Neurodegenerative disease is among the greatest unmet challenges being faced in healthcare today. Such disease is devastating to families and an enormous economic burden. These disorders include Alzheimer's disease, Parkinson's disease, and the clinically- and pathologically-related disorders frontotemporal dementia (FTD) and amyotrophic lateral sclerosis (ALS). Despite tremendous medical advances that have extended lifespan, degenerative disease remains formidable with a huge impact on healthspan. Novel approaches and innovative applications are needed to provide biological insight into these diseases and the foundation for therapeutic advances. Drosophila melanogaster is a remarkable model organism with biological pathways highly conserved to humans, a complex brain and nervous system, and a staggering array of genetic and molecular biological approaches for gene and pathway discovery and manipulation. We propose to apply the power of Drosophila to understand genes and mechanisms that underlie neurodegenerative disease. Our special current focus is on the genetic and biological underpinnings of ALS/FTD. ALS is a devastating motor neuron disease that leads to rapid paralysis and death. FTD is the second most common form of dementia. Drosophila research has already provided many striking insights into the biological mechanisms of these diseases, while more basic insights are still needed. We have developed, and will continue to develop, models for familial disease. Our unique, interdisciplinary approach launches from a fly model, which we use to identify pathways of interest by performing genetics screens for modifiers of the disease toxicity. We then extend the findings from Drosophila into human patient tissue, mammalian cells, and primary neurons in culture, ultimately returning our in vivo fly model for detailed mechanistic insight. In addition to genetic studies, we currently plan on using the fly to assess the impact of critical risk factors, such as traumatic brain damage and the gut microbiota, the impacts of which can be difficult, or impossible, to interrogate in mammalian models or cells. Thus, launching from Drosophila, our research program strives to provide novel avenues for the understanding of disease and the foundation for therapeutic insight toward the enormous burden of neurodegenerative disease facing society today.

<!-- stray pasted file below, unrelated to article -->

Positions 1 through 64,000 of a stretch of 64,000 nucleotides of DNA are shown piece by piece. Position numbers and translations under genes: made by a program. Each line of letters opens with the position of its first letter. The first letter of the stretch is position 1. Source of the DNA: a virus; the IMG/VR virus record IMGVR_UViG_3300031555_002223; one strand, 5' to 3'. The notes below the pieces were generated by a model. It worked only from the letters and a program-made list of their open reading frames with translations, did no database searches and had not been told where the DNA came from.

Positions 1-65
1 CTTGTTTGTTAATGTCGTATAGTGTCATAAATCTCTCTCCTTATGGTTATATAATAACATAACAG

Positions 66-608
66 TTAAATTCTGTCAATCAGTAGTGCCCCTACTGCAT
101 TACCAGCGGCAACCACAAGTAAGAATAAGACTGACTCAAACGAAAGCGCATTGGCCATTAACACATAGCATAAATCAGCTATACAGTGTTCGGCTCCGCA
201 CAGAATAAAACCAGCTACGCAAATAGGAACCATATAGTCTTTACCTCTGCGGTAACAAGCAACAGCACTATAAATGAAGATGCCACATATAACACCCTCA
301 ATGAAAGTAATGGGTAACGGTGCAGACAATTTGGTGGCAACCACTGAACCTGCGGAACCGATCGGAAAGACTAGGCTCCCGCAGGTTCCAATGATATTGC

Neurodegenerative diseases, such as Alzheimer's, amyotrophic lateral sclerosis and frontotemporal dementia, are devastating disorders for which there are few treatments. Insight gained from simple organism studies that model these diseases, like Drosophila, to provide biological and mechanistic insight can provide the foundation for novel therapeutic advances. We propose to apply the power of this system to these diseases, to reveal molecular underpinnings and the foundation for treatments.
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